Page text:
Google’s Honeycomb code-release setback is not alone in the “OS update tardiness” category. Microsoft issues a public apology for slow development on its Windows Phone 7 program update. The common weak link from these letdowns: relying on carriers and third party to take responsibility of updates—a lesson learned early by Apple, which seized ownership of mobile OS updates from the beginning. Microsoft devolved on AT&T and now faces the nightmare of customer’s rage.
Microsoft’s VP of the Windows Phone Program, Joe Belfiore, takes the heat and faces the rants pertaining to the OS update mess. He said, “Many of you are making critical comments here which are certainly fair. First, I was wrong when I said most people have received the February update. There are many of you who have yet to receive it, and I don’t blame you for speaking up and pointing out my mistake.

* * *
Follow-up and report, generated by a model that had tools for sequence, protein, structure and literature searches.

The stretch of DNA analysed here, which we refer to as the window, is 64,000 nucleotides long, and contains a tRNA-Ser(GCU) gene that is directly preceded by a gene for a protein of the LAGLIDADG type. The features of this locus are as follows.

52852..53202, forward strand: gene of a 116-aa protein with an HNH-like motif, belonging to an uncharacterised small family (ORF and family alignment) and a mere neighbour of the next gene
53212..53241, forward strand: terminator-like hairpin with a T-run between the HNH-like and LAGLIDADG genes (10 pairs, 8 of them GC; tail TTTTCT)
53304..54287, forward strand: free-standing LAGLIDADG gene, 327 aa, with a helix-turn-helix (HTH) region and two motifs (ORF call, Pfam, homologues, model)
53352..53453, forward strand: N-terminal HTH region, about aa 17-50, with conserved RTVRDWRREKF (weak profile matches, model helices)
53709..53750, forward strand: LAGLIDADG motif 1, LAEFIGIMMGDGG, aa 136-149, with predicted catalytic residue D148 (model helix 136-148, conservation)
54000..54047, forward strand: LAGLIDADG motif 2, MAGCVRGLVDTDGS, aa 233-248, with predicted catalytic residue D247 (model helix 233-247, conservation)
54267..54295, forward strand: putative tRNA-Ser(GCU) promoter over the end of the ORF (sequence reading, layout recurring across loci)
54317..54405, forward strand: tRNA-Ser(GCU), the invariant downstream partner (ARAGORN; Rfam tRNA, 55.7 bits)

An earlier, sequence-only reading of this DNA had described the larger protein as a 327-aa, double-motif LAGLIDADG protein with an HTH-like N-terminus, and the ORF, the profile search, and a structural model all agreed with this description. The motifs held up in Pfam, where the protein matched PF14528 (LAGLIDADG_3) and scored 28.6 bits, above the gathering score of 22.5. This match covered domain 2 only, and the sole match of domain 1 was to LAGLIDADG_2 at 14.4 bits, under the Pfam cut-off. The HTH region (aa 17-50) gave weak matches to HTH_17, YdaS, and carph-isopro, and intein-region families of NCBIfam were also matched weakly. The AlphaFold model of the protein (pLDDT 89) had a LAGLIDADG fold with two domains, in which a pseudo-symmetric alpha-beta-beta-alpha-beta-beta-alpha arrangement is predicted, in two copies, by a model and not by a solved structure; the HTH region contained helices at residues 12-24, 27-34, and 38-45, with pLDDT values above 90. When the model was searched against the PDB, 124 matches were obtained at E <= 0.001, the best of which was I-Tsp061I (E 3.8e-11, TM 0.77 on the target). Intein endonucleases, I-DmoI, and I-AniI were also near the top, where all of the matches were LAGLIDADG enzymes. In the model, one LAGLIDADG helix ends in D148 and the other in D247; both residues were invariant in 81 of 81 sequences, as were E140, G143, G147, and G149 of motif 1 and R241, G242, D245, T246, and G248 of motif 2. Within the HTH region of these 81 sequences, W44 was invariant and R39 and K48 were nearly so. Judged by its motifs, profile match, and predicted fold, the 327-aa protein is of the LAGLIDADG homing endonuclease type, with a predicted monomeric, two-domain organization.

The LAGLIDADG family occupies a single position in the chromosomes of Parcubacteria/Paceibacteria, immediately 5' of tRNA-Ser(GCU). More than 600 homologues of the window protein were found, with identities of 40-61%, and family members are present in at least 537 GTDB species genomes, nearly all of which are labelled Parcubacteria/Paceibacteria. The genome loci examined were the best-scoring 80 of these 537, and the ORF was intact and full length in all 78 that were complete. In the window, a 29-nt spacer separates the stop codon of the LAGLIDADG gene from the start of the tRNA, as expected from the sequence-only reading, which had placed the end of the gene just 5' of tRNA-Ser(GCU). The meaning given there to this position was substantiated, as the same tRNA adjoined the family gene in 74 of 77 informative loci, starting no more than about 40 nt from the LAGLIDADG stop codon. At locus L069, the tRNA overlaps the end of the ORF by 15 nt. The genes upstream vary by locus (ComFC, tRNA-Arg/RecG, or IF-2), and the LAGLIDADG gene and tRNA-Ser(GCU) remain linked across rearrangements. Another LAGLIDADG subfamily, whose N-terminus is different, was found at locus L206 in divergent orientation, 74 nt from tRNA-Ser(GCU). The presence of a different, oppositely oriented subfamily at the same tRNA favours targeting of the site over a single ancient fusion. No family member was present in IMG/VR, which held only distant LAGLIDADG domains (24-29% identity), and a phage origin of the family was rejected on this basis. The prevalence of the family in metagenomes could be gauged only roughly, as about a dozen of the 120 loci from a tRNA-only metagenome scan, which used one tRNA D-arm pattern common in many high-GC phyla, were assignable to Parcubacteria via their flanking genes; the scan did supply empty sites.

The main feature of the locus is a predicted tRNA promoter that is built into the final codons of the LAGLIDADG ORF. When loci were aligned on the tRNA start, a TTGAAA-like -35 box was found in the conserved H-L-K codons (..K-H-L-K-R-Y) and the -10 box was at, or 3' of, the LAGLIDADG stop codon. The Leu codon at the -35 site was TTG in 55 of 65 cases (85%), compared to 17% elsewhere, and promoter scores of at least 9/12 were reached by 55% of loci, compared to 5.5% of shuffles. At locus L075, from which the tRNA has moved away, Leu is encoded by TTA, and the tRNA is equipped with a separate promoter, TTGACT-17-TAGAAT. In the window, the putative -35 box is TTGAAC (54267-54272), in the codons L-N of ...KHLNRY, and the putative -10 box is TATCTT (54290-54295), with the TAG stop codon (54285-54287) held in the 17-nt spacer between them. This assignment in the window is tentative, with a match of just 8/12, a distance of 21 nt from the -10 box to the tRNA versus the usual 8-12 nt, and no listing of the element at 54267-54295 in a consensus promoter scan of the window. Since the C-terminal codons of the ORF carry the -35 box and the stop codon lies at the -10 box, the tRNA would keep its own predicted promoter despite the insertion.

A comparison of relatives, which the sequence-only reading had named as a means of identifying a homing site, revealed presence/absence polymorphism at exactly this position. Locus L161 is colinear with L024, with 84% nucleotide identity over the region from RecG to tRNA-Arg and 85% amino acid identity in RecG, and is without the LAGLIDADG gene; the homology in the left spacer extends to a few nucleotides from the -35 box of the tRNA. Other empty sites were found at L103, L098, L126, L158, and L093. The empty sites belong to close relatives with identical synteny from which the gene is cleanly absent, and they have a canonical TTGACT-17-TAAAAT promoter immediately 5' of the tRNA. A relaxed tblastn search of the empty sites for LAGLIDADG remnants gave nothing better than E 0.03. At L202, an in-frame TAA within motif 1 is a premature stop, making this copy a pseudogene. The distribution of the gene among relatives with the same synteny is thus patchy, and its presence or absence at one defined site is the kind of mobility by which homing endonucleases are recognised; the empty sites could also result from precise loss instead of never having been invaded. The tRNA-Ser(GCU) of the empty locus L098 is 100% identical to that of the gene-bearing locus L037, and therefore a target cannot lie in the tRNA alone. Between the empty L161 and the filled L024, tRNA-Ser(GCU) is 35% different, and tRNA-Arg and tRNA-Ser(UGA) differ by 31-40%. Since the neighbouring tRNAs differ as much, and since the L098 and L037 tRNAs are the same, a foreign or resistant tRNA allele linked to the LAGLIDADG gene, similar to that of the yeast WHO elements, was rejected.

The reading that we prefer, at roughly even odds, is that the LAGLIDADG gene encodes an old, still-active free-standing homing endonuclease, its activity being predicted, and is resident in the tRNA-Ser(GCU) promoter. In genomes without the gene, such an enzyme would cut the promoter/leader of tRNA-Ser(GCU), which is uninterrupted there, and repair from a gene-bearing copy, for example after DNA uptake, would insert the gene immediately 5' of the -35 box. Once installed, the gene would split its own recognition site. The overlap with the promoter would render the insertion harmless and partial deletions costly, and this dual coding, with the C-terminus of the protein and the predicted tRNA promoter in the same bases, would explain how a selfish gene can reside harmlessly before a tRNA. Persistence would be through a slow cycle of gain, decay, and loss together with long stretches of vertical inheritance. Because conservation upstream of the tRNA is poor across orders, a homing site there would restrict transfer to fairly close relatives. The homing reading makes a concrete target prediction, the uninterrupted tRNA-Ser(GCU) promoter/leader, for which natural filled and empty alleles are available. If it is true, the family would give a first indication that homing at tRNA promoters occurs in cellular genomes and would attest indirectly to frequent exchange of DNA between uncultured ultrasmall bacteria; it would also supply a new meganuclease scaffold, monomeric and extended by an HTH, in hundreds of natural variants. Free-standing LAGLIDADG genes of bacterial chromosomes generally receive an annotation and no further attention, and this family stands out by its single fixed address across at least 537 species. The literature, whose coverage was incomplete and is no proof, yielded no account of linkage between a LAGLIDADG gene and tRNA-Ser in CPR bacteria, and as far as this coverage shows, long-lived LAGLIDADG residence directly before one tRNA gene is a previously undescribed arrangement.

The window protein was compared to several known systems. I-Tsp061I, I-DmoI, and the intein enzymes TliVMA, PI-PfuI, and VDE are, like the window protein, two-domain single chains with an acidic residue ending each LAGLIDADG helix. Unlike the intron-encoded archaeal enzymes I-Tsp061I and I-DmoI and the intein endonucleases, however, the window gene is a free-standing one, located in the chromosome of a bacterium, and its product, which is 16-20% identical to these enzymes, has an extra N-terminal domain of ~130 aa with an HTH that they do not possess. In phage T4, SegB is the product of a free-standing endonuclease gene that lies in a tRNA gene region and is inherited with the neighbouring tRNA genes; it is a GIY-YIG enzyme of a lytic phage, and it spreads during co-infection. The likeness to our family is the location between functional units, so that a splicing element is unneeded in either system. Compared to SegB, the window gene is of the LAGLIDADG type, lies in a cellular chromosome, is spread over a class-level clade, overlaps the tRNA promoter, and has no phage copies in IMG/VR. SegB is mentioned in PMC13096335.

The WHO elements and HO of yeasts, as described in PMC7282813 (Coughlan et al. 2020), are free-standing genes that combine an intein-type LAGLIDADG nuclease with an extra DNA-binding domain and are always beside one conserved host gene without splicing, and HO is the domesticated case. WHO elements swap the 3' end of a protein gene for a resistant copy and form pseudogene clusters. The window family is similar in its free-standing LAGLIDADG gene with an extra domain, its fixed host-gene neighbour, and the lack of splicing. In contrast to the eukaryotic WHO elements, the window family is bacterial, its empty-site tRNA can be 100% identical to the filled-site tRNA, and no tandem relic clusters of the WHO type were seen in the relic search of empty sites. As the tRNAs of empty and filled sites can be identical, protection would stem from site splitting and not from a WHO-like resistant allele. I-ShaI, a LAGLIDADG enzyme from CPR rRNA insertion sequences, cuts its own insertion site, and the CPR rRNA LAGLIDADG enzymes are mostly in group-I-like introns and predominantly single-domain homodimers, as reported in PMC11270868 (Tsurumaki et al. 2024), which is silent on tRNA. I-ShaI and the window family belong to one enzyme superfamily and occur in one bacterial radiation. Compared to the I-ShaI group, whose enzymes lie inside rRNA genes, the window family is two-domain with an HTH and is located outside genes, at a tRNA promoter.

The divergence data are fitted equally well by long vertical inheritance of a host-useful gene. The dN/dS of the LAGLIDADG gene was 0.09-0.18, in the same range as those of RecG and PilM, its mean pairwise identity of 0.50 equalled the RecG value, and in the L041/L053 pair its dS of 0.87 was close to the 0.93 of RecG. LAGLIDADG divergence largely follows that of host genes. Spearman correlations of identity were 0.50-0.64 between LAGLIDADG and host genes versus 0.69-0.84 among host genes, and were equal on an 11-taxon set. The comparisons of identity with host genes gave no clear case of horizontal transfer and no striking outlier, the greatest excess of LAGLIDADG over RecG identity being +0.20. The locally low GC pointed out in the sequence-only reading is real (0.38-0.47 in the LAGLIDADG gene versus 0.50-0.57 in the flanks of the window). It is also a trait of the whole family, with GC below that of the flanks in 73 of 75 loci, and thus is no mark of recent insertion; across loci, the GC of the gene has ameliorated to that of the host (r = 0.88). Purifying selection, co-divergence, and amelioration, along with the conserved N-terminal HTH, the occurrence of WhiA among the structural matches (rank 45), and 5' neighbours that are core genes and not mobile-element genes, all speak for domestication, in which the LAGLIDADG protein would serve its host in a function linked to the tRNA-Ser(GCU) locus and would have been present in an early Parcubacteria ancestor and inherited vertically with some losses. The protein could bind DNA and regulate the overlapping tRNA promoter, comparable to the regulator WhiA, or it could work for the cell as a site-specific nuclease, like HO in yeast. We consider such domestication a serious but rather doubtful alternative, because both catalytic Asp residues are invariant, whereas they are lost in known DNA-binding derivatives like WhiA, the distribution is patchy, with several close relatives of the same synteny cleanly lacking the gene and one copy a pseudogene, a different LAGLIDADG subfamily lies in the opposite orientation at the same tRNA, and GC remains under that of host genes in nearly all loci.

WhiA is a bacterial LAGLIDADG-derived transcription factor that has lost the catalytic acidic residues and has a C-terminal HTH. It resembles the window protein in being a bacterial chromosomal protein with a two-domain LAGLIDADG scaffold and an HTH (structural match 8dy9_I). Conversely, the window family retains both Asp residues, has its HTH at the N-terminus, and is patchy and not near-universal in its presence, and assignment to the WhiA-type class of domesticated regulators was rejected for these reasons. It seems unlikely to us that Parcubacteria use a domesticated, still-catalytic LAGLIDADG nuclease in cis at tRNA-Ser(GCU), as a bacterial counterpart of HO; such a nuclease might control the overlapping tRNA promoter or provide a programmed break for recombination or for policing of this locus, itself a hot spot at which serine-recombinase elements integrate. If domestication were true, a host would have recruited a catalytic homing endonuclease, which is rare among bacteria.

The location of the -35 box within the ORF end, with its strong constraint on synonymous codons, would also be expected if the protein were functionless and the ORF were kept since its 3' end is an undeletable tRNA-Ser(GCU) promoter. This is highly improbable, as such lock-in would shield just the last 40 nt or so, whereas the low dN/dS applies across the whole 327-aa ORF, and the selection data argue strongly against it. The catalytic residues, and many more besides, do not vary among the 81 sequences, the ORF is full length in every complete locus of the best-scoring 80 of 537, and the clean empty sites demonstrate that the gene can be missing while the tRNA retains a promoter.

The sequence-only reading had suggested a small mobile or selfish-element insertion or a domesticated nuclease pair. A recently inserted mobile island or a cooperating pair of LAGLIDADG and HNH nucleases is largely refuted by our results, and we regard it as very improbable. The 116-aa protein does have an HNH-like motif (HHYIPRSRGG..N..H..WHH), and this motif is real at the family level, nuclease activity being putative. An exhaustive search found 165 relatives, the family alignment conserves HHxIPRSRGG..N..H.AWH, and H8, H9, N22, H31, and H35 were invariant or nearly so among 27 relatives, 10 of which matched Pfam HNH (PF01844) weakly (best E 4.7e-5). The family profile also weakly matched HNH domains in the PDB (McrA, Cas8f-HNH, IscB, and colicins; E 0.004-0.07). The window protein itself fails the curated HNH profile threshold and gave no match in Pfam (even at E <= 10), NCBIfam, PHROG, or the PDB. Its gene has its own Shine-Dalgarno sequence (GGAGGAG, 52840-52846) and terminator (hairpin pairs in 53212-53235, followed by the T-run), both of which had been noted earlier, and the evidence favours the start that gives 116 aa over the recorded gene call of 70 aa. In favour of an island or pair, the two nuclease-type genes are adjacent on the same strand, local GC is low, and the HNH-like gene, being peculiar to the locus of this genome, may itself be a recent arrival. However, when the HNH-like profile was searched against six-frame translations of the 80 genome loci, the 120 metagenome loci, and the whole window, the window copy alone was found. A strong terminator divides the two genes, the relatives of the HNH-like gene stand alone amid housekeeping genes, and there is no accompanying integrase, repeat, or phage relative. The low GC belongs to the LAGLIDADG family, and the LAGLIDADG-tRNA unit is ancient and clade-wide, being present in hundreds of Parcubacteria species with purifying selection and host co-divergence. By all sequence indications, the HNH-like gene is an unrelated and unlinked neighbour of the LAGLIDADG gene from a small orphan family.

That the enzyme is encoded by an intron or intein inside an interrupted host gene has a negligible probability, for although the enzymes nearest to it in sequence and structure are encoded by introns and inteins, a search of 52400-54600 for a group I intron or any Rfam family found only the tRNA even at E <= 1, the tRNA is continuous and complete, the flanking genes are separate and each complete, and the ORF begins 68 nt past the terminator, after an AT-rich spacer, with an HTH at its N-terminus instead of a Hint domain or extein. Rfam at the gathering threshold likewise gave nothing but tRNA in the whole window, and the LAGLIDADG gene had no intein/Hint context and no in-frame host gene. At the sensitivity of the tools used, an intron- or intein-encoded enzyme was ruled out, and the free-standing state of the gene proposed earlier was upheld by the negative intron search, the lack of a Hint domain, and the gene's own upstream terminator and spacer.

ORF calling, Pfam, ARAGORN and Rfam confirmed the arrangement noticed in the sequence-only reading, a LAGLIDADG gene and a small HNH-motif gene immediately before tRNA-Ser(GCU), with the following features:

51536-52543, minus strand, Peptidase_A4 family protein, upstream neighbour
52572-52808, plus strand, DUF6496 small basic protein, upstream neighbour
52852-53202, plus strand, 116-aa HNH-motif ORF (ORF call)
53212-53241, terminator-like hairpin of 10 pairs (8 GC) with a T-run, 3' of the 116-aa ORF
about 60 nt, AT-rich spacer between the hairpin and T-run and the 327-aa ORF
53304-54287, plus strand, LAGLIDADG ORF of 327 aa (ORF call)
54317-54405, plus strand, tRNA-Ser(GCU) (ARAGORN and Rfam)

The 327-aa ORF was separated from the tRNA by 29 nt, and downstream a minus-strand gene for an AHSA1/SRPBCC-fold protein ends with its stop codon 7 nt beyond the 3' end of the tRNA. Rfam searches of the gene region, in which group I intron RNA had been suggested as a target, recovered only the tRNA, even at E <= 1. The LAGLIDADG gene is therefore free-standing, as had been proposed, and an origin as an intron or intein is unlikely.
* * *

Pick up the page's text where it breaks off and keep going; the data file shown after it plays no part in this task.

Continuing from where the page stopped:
“Second, I referred to our updates as “complete” because I was thinking of the internal process where we pass completed software to another group who delivers them – but of course no update is complete until you all have it. Plus, at the time I did the interview we had started the NoDo (“march update”) delivery process and I knew “it was going well” from our perspective: people were officially getting it, the success rate of its deployment on real-world phones was looking good, and we were happy that the process had STARTED well. Still—these are NOT the same as all of you getting it and I’m sorry that I came across as insensitive to that fact.”
This impediment is quite frustrating, especially when Windows Phone 7 marketplace trial apps fared well. It has been a fiery week for Microsoft with news on investing in IPv4, joining the Open Networking Foundation, Nook lawsuit, Intune launch and Windows Phone 7 delay. With its hopes of regaining mobile stance dependent on updates, Microsoft should now grab the “updating arm” from its carriers.